Generally, these potential responses happen within a day or two after the vaccination and are not associated with more serious or lasting illness. These types of reactions reflect the normal immune response to this vaccine. Not everyone experiences this type of response. They are more likely after the second dose and tend to resolve within a day or two. Pain relief, such as paracetamol or ibuprofen, is not recommended to be taken before having the vaccine but can be used after it if required. 

In addition, as with any vaccine or medicine, there is a risk of allergic reactions shortly after the vaccinations. Because of this people should wait at a vaccination centre as instructed after having their vaccine. Those with previous allergic reactions or anaphylaxis should tell their vaccinator before going ahead.  

For more information about what to expect after the vaccination see the Ministry of Health's website.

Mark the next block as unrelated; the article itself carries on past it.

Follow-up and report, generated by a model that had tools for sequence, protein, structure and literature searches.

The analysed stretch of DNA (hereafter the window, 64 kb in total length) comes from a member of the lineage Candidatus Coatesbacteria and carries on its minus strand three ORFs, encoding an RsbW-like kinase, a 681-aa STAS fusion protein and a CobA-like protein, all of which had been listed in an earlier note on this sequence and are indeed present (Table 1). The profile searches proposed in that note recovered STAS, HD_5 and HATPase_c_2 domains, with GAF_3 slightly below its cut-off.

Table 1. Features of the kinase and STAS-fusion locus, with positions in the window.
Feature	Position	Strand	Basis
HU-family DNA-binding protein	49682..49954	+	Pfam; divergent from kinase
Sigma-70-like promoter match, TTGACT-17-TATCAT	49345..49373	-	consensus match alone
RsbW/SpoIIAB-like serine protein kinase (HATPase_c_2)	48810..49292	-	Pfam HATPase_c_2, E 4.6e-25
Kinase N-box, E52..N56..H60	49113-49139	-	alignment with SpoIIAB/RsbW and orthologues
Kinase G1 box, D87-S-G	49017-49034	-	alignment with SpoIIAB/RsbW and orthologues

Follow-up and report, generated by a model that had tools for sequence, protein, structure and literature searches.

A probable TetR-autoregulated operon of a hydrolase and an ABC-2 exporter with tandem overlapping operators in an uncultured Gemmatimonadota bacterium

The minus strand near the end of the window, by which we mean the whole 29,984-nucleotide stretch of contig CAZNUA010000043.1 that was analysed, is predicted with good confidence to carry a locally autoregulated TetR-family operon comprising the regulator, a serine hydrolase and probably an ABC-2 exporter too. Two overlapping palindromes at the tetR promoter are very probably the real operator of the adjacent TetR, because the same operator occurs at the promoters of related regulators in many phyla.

Monitoring for adverse reactions and side effects is being conducted in New Zealand and worldwide. Vaccine recipients and their health care providers are encouraged to report possible side effects to CARM (Centre for Adverse Reactions Monitoring). See here for the latest Adverse Events following Immunisation report from Medsafe on Comirnaty 
 

Is the Comirnaty vaccine safe and effective for people living with HIV?

The vaccine has been through rigorous testing to ensure safety and efficacy and is now being used widely overseas without any serious concerns appearing. People with HIV were included in clinical trials though efficacy and safety data specific to this group are not yet available.

With some vaccines people living with HIV can produce a weaker immune response. People living with HIV are encouraged to be vaccinated. People with HIV were included in clinical trials for the Pfizer vaccine, although the data specific to this group is not yet available there are no safety concerns.